North Atlantic Carbon Observatory
Enabling responsible ocean-based climate solutions and decisions

The North Atlantic Carbon Observatory (NACO) will provide the ocean information required to support urgent international climate strategies and climate mitigation solutions.

NACO will bring together nations and networks to inspire scientific innovations, pool resources and amplify global expertise of this critical ocean system.

Once underway, NACO’s observations, data synthesis abilities and ocean climate modeling will play a critical role in the development of sustainable ocean policy and provide the required baseline observations to enable safe, effective and verified ocean-based carbon dioxide removal.


The ocean is the largest and most important carbon storage depot on Earth, yet it remains critically under-observed and under measured.

This gap threatens our ability to forecast and respond to climate change accurately and effectively, limiting our ability to set correct climate policy, support human adaptation strategies, and advance climate mitigation solutions.

The proposed North Atlantic Carbon Observatory (NACO) would connect and enhance ocean observation and modelling efforts to allow for more accurate measurements of the ocean’s ability to absorb and store carbon. Observations would be merged into a data factory that allows advanced ocean carbon and climate synthesis and modeling to inform stakeholders.

Diagram showing how NACO would connect and enhance ocean observation

Why the North Atlantic

Although there are existing ocean observation initiatives in the North Atlantic, an integrated and coordinated international observing system does not exist today.

North Atlantic with overlay of gGmbH moles per square meter
From: World Ocean Review 1, maribus gGmbH (after Sabine et all, 2004), Hamburg 2010
  • The North Atlantic Ocean has absorbed 30 per cent of anthropogenic ocean carbon in the industrial era.
  • The North Atlantic is particularly vulnerable to climate change – it is downstream from the melting Arctic and Greenland ice caps, and extremely sensitive to the strength and location of the Gulf Stream and the Atlantic meridional overturning circulation.
  • NACO will link existing observations, supplement existing programs with critical biogeochemical sensors and identify and fill strategic gaps of missing observations to better understand the ocean carbon cycle in the changing North Atlantic.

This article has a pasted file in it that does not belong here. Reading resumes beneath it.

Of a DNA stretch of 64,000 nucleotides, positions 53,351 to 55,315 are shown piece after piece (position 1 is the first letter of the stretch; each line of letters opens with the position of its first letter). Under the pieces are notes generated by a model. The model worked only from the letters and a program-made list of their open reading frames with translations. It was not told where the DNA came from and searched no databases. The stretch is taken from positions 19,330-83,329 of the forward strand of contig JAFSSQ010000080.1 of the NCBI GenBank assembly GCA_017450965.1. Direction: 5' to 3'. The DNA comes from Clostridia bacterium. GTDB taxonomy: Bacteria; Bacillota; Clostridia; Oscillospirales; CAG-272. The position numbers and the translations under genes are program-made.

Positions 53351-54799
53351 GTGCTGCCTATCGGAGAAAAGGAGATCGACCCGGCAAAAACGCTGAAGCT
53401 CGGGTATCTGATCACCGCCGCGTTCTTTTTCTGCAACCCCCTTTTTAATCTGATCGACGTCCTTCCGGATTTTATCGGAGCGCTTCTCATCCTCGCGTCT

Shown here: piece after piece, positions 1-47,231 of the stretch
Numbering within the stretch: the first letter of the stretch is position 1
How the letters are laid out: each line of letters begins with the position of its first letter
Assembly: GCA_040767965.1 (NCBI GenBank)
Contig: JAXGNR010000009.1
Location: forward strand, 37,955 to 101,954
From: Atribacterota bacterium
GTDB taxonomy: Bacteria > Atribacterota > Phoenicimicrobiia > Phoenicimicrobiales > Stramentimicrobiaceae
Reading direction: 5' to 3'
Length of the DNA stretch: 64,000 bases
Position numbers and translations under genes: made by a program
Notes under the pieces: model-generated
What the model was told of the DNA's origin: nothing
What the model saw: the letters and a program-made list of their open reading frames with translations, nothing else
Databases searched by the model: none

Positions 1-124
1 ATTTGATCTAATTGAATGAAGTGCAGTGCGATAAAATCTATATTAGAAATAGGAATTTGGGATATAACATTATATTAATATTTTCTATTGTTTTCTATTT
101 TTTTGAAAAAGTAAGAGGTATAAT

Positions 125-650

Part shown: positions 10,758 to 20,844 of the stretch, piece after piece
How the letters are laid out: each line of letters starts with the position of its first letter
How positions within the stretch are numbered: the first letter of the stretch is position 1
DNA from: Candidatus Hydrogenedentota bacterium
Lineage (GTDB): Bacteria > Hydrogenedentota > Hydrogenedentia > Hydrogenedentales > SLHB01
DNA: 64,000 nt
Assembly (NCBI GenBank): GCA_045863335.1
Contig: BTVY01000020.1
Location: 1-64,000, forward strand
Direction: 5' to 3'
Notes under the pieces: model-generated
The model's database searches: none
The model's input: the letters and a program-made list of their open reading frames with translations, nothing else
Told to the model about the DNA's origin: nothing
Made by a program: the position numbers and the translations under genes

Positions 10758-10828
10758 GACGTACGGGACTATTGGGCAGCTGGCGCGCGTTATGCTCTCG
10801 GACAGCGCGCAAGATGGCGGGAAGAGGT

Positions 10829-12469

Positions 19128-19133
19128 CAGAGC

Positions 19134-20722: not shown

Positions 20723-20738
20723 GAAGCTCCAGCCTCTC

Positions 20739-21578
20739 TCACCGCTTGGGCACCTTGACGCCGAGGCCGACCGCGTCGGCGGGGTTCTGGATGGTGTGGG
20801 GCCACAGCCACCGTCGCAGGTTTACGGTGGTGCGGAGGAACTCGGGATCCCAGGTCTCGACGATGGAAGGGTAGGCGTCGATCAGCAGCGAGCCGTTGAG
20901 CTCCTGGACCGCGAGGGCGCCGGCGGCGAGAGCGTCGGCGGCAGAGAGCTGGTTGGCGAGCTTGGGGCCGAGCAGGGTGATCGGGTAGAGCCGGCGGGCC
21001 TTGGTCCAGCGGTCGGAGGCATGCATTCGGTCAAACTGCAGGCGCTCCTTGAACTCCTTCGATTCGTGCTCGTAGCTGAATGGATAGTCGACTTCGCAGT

Environmental urgency

Climate solutions are largely focused on the uptake of carbon on land, and the blue carbon stored within our coastal waters. But more than 90 per cent of carbon is stored in the deep ocean, beyond national jurisdictions, known as deep blue carbon, and safe and responsible ocean-based carbon dioxide removal (CDR) strategies represent a substantial opportunity to achieve the net zero requirement.

Carbon reservoir by size where the ocean is the largest reservoir totaling 88%

There is an urgent need for well-designed, sustained observations to understand the underlying mechanisms behind the ocean’s ability to continue to sequester carbon.

  • According to the latest Global Risks Report 2023 released by the World Economic Forum, failure to mitigate climate change remains the top global risk faced over the next decade.
  • The Intergovernmental Panel on Climate Change (IPCC) has recognized the importance of quantifying the variability of the ocean carbon sink and that carbon removal will be a requirement to achieve the Paris Agreement to limit the temperature increase to 1.5°C above pre-industrial levels.

Economic benefits

Investment in NACO facilitates more accurate climate forecasts that can significantly help reduce future costs and avoid losses from climate change. In addition, better understanding of current and predictive carbon cycles from NACO can provide the baseline data needed to advance ocean-based CDR markets and spur economic growth in this novel and nascent industry.

  • The US experienced a $1B climate disaster every 20 days in 2022. Governments and insurance providers have an urgent need to more accurately predict climate changes and climate-related losses to reduce losses and budget for funds to be available to support rebuilding and claim payments.
  • At the future forecast price of $100/tonne of CO2, safe and responsible deep blue carbon sequestration credits have the potential to create anywhere from hundreds of billions to a trillion dollars in value each year.

A starting point for the world

An observing network in the North Atlantic would serve as a starting point for global ocean observation.

  • This observation exemplar could and should be scaled internationally to cover as much of the global ocean as possible.
  • The Ocean Frontier Institute (OFI) has the capacity to develop and launch an internationally connected North Atlantic project, which would provide global researchers and policy makers with a clear dashboard on the health of the ocean carbon cycle.